The Abd El-Kader Project

Starting in Iowa, the project ( is growing a worldwide movement to revive the legacy of Emir Abdelkader. Our goal is to restore the historical memory of a remarkable human being whose importance today is greater than ever. He was also an Arab warrior-scholar-statesman respected and admired from the Missouri Territory to Moscow to Mecca. When he died in 1883, the New York Times wrote, he “deserved to be counted among the few great men of the century.”

The project was born from Commander of the Faithful: The Life and Times of Emir Abdelkader, a Story of True Jihad (Monkfish Books) launched in Elkader, Iowa in 2008. The emir’s fame was such that in 1846 a country lawyer in Dubuque named a settlement after the “valiant Arab chieftain” who had been frustrating a French colonial occupation of North Africa for 15 years. Exiled in Damascus, he reached the pinnacle of his fame by saving the lives of thousands of local Christians and the European diplomatic community who were the object of a local pogrom in 1860.

Using the life of the emir as a seed, the project wants to attract other stories of Muslims whose example can inspire Muslims and non Muslims alike. There is a need to build a counter narrative to balance the almost exclusively negative images of Muslims presented through the media. To think straight, people need more than lopsided, sensational information about Islam. That seems to be the reason Monks of Tibhirine and Commander of the Faithful have resonated widely among both Muslims and non Muslims.

Abd el-Kader posing with his medals
The Emir’s medals and
Legion of Honor sash, circa 1862

Why Revive His Memory?

To serve as a Role Model for Muslims. As a pious and deeply conservative Muslim, his life of “true jihad” can inspire Muslims in the US and around the world to think differently about the meaning of jihad.

To serve as a Role Model for non-Muslims. His exemplary life of moral courage, compassion, self-restraint, intellectual accomplishment (or, bandwidth, as Bill Gates would say) and chivalry in war can inspire all people, regardless of nationality or religion.

Abdelkader’s life provides an alternative narrative of Islamic ethics in war and peace to be held up against the growing Western phobia toward Islam and the distortions of Islam by so-called Muslims. He represents the little-heard good news about Islam.

Abd el-Kader's Seal
The Emir’s Seal

Particular Qualities that Make Abdelkader a Universally Relevant Figure Today

Abdelkader exemplifies the kind of Muslim the US should be engaging with today—conservative, committed to his faith, not perceived as “Westernized,” respected for his religious authority, intellect and courage.

He was a unifier not a divider. For Abdelkader, no religion owns ultimate Truth. Nor can the finite grasp the infinite. There is no conflict in his mind between politics, religion and knowledge. They should all work to serve the end of glorifying God. Politics should aim to lead people to live in harmony with one another. Religion provides a common moral base of shared values and recognition of a common origin. Knowledge will ultimately lead us to grasp the basic unity of mankind.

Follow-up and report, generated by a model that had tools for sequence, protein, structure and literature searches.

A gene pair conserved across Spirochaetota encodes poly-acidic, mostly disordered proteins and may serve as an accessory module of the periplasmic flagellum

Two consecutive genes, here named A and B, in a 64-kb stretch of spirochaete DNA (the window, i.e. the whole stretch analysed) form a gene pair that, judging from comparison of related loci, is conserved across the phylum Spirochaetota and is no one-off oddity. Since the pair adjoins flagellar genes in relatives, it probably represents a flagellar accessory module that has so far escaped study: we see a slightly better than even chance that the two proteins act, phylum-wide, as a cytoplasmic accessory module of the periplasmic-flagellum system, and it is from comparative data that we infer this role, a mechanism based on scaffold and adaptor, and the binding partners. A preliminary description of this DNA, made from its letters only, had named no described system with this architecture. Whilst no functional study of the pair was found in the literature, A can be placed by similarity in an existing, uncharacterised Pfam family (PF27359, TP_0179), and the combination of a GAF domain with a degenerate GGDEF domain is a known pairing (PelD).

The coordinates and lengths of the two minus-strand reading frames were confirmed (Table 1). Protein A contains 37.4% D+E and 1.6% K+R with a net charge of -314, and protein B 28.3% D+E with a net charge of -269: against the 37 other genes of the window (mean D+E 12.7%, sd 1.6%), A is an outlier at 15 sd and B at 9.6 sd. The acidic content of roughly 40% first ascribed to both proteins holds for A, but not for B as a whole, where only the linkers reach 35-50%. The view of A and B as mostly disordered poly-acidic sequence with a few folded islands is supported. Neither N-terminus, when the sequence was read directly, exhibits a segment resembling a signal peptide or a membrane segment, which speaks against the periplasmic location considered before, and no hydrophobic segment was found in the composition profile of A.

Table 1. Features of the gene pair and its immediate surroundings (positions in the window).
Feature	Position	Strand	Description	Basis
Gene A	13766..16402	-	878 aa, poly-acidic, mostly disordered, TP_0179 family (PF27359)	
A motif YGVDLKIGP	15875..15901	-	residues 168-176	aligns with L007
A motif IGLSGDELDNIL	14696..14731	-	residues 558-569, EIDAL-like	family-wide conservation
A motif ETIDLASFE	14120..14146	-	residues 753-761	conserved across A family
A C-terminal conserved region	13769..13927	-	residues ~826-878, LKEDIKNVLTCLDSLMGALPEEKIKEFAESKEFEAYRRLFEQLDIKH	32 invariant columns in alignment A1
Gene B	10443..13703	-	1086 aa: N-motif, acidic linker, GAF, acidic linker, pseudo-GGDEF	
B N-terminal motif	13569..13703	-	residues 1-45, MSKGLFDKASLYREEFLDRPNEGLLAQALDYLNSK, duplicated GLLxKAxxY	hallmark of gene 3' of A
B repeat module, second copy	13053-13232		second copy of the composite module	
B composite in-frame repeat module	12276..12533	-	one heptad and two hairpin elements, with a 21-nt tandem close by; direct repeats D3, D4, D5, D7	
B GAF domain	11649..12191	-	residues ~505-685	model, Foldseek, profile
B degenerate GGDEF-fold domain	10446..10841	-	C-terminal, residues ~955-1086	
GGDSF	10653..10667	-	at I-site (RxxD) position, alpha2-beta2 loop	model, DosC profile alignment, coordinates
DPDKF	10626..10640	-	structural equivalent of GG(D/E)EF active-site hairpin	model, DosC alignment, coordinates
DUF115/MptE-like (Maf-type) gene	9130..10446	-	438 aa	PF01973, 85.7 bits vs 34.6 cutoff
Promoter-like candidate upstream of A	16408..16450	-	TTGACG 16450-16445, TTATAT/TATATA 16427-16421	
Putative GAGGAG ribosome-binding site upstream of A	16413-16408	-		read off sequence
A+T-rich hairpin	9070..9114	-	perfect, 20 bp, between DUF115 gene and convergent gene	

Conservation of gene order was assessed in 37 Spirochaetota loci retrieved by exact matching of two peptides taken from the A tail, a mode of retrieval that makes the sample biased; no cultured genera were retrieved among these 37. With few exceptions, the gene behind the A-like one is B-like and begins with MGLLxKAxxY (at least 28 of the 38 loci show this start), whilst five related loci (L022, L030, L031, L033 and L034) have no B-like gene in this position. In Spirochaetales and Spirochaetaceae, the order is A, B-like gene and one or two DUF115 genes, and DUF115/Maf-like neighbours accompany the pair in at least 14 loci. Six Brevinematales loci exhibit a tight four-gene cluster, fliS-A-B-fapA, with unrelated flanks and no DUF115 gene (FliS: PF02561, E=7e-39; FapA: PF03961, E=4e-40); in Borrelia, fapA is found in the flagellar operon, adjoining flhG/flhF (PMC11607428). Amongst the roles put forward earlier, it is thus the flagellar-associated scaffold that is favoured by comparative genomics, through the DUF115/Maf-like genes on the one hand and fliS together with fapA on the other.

Abdelkader was “local” yet “universal” at the same time. He was deeply and authentically Muslim, yet his religion was not a safety belt holding his identity together; rather a platform for probing the meaning of God’s creation.

Abd el-Kader's prayer rug
Abd el-Kader’s Prayer Rug

The emir’s fame stretches from the 19th century to today

The emir's regulations for the treatment of his prisoners were a Koranically-correct forerunner of the Geneva Convention, celebrated by the United Nations at the Palais des Nations November 4, 2010.

Citizens of Bordeaux put Abd el-Kader’s name on the ballot as a candidate in the French presidential elections of 1849.

A horse named Abd el Kader ('Little Ab' by the racing public) was twice winner of the British Grand National Steeple Chase.

The emir's most influential biographer was a descendent of the Duke of Marlborough, Col. Charles Henry Churchill, British military attaché in Lebanon.

The Suez Canal would not have been built in 1869 without Abd el-Kader's influence among the Arabs, and support for the French project.

President Lincoln honored Abd el-Kader as a great humanitarian for saving thousands of Christian lives in 1860.

Pistols given by Abraham Lincoln to the Emir
Lincoln’s gift to the Emir
Abd el-Kader's Field Koran
Emir’s field Koran

Quotes from the Emir

Those who belong to the religion of Mohammed have corrupted it, which is why they are like lost sheep… (letter to bishop Pavy, 1860)

All the religions of the Book rest on two principals—to praise God and have compassion toward his creatures… (letter to bishop Pavy, 1860)

All creatures are part of God’s family, and those most loved by God are those who do the most good for His family (letter to bishop Pavy, 1860)

“Abdelkader speaks like a theologian at the Sorbonne and is in perfect communion with the Pope when he says, ‘Faith is above reason, but as they both come from God, there can be no conflict between them, only mutual support.’” Gustave Dugat 1858 introduction to French Academy of Sciences

The prophets are like men who have a common father, but each has a different mother… Letter to the French 1855

Our God and the God of all the communities different from ours are in reality all one God… He reveals himself to Muslims as beyond all form, to Christians in the person of Jesus Christ and monks… emir’s Letter to the French 1855